Each year, about 500 million birds migrate over Israel, due to its unique location as a bridge between three continents – Europe, Asia and Africa. In the autumn most of the birds migrate to Africa, and in the spring they return to Europe and Asia; some of them spend the winter (overwinter) in Israel or return to breed here in the summer.
Most of the large birds migrate by soaring, exploiting warm air currents that rise from the ground during the day; therefore, they avoid passing over the sea, preferring to fly a longer route over land. Small birds such as songbirds do not soar. They usually migrate at night to avoid predators and enjoy the pleasant temperatures. They also usually prefer to migrate over land, along a route that allows them to stop to rest and forage for food.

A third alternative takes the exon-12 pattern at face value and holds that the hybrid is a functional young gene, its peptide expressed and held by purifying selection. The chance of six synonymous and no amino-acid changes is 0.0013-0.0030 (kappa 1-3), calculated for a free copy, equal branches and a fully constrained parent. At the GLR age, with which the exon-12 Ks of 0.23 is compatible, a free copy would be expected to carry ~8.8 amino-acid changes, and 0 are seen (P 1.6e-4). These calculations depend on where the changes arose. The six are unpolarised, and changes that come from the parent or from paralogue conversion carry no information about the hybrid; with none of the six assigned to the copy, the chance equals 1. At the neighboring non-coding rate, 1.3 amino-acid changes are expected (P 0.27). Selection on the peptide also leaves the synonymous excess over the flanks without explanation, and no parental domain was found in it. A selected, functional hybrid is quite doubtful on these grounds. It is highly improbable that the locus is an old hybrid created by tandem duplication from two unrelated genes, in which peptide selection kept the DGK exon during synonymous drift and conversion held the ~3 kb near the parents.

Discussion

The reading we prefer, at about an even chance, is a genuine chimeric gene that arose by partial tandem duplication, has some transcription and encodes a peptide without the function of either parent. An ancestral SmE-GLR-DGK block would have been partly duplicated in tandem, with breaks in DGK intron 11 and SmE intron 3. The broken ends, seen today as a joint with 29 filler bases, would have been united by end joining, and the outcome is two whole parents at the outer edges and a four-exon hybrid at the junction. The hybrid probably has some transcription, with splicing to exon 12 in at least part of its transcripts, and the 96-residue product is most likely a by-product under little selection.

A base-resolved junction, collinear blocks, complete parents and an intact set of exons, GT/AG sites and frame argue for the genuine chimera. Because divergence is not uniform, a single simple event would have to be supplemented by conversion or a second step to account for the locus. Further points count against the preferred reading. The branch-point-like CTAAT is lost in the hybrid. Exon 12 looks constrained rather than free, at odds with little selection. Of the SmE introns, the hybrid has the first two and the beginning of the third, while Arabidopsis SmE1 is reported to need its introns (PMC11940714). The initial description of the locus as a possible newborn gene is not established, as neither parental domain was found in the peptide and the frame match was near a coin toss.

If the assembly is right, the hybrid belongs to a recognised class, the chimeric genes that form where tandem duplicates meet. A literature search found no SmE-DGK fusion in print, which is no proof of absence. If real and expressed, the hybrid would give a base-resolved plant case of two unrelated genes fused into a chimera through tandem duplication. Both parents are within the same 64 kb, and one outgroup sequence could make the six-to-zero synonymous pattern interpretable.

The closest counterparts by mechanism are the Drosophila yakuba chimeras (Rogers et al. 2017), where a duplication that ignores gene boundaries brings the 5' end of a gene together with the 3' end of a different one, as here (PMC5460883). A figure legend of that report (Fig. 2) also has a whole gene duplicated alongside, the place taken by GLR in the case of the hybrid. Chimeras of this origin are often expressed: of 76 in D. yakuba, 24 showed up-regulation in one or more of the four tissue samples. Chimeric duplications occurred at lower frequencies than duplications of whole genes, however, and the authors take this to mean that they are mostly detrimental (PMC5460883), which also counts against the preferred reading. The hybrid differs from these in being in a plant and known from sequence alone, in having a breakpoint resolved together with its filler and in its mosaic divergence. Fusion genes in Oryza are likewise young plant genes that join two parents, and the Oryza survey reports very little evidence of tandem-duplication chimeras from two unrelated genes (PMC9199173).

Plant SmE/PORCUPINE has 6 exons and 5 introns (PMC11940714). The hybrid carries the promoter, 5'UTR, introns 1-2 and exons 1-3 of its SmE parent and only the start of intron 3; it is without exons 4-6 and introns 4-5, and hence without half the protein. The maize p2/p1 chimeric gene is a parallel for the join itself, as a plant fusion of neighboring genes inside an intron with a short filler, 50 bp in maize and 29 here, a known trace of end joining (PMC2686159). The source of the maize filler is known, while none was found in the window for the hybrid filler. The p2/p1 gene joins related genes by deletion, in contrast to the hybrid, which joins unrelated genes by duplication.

The display of migrating birds, hanging in the entrance lobby of the museum, demonstrates the flight of birds across Israel’s skies – from the common chiffchaff, which is the smallest bird on display, to the common pelican, which is the largest bird on display. Sixty-five birds are displayed in this exhibition, including Bonelli’s eagle, an endangered bird of prey breeding in Israel, and the common crane, which comes each year to spend the winter at Agamon Hula.